I wasn't going to say anything about the controversy raging right now over "Octumom" -- you know, the woman in California who had 6 children via in vitro, then went back for more and had 8, all born amazingly healthy at 30 1/2 weeks. Carrying 8 babies that long in a pregnancy is an outright miracle, and their delivery was hailed, rightly, as an amazing act of modern science and medicine.

But then the focus turned to the mother of these 8 babies and as more details emerged, the news articles and blogosphere was raging, and not in a positive way. I watched the interviews with the mom and almost felt sorry for her. I think she was deluded enough to think that she'd be famous -- the next "Jon and Kate Plus Eight" only this time called "Super Single Mom of Fourteen." She didn't seem to "get" that people weren't going to hail her as a hero for having optional procedures to get pregnant when she was an unemployed single mother using food stamps, barely able to take care of the six children she already had.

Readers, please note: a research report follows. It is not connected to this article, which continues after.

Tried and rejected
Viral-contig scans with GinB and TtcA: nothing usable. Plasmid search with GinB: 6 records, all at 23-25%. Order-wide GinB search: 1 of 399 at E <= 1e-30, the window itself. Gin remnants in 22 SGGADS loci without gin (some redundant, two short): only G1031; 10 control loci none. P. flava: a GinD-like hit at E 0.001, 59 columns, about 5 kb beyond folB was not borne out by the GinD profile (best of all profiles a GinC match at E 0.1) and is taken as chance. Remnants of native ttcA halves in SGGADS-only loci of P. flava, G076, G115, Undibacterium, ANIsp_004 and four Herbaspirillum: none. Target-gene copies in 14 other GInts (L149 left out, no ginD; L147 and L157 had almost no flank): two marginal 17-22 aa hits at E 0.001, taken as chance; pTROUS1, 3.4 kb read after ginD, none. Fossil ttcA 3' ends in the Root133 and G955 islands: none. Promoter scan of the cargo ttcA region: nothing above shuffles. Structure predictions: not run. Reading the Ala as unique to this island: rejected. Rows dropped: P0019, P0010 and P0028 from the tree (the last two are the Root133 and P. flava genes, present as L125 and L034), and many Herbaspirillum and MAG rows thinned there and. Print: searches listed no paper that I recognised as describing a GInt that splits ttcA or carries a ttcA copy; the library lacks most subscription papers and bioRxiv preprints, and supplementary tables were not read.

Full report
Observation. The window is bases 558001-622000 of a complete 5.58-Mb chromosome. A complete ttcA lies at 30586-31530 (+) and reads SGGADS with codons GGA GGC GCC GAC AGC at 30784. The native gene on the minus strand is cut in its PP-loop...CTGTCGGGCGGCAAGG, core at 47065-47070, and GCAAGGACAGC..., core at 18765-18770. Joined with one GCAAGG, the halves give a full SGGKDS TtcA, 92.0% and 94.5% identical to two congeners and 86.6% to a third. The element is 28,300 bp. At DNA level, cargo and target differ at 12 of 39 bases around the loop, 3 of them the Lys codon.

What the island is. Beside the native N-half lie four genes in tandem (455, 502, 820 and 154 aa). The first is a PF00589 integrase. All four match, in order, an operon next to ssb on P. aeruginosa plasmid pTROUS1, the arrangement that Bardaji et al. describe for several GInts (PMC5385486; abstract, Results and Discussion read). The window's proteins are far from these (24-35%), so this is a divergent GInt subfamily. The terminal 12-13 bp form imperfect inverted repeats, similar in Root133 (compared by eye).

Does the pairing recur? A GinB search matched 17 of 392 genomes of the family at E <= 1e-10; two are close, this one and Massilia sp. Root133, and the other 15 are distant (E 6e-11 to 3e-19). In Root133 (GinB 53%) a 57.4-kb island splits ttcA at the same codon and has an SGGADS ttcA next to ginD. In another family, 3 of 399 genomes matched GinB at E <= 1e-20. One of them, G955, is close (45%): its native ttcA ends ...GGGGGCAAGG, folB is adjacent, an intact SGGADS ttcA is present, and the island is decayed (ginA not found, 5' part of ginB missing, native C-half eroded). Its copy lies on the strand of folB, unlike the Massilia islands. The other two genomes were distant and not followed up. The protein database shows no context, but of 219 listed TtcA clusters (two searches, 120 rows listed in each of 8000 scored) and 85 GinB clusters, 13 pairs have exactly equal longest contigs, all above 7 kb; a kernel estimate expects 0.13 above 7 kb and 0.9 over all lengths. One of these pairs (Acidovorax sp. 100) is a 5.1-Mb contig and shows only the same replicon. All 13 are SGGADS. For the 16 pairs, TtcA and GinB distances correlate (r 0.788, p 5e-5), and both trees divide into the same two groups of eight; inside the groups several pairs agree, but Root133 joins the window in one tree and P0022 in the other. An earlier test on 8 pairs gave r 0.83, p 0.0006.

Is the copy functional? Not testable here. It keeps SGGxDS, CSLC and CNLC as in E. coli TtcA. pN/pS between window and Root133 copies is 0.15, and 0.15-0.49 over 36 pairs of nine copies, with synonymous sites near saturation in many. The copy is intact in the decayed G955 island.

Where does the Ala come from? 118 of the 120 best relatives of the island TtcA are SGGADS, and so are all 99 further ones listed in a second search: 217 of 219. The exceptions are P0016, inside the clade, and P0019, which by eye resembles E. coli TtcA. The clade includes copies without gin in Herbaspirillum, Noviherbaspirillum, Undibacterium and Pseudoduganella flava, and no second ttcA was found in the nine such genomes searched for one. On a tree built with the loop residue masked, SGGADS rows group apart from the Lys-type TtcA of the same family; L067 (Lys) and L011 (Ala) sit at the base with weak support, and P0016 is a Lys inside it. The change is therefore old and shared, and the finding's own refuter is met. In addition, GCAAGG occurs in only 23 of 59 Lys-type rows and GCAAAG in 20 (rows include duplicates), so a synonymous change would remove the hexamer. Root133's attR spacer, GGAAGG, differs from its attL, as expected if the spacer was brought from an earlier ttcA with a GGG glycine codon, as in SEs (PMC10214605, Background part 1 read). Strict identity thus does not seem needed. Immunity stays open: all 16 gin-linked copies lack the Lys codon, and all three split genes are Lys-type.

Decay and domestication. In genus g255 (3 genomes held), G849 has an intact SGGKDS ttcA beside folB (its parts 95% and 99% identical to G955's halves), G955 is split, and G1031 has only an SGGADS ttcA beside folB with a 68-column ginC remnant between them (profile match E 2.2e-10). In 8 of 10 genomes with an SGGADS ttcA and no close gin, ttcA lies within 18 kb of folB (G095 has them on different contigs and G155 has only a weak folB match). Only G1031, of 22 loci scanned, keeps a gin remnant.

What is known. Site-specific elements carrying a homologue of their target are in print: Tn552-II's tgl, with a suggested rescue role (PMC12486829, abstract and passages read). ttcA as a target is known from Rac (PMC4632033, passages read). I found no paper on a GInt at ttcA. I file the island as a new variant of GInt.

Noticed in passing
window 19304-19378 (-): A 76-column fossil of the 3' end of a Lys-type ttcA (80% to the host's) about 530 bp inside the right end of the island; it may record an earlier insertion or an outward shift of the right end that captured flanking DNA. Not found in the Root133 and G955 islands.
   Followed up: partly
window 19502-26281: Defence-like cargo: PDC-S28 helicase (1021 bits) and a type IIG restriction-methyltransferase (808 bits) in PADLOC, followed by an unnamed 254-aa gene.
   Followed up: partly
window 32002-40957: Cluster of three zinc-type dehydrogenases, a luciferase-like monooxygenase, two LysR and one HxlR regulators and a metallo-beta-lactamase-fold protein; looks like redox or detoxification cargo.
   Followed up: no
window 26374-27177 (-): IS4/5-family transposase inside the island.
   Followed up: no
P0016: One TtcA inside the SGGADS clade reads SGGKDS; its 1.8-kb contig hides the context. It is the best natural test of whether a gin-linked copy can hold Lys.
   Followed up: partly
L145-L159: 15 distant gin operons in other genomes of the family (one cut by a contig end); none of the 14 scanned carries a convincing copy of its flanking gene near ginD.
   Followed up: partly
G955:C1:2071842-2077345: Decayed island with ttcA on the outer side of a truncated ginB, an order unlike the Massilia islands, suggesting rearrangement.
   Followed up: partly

I'm not inclined to defend Nadya. To be honest, I think she's a little crazy and probably looking for fame and fortune. I do feel sorry for her and I worry about how she will be able to care for her fourteen children.

What has bothered me is that the spotlight that has shined on Nadya has brought out comments and criticisms directed at all large families. I read one article that said it would cost “millions and millions” to raise that many children. Another article claimed that there just isn’t enough time in the day to nurture that many kids.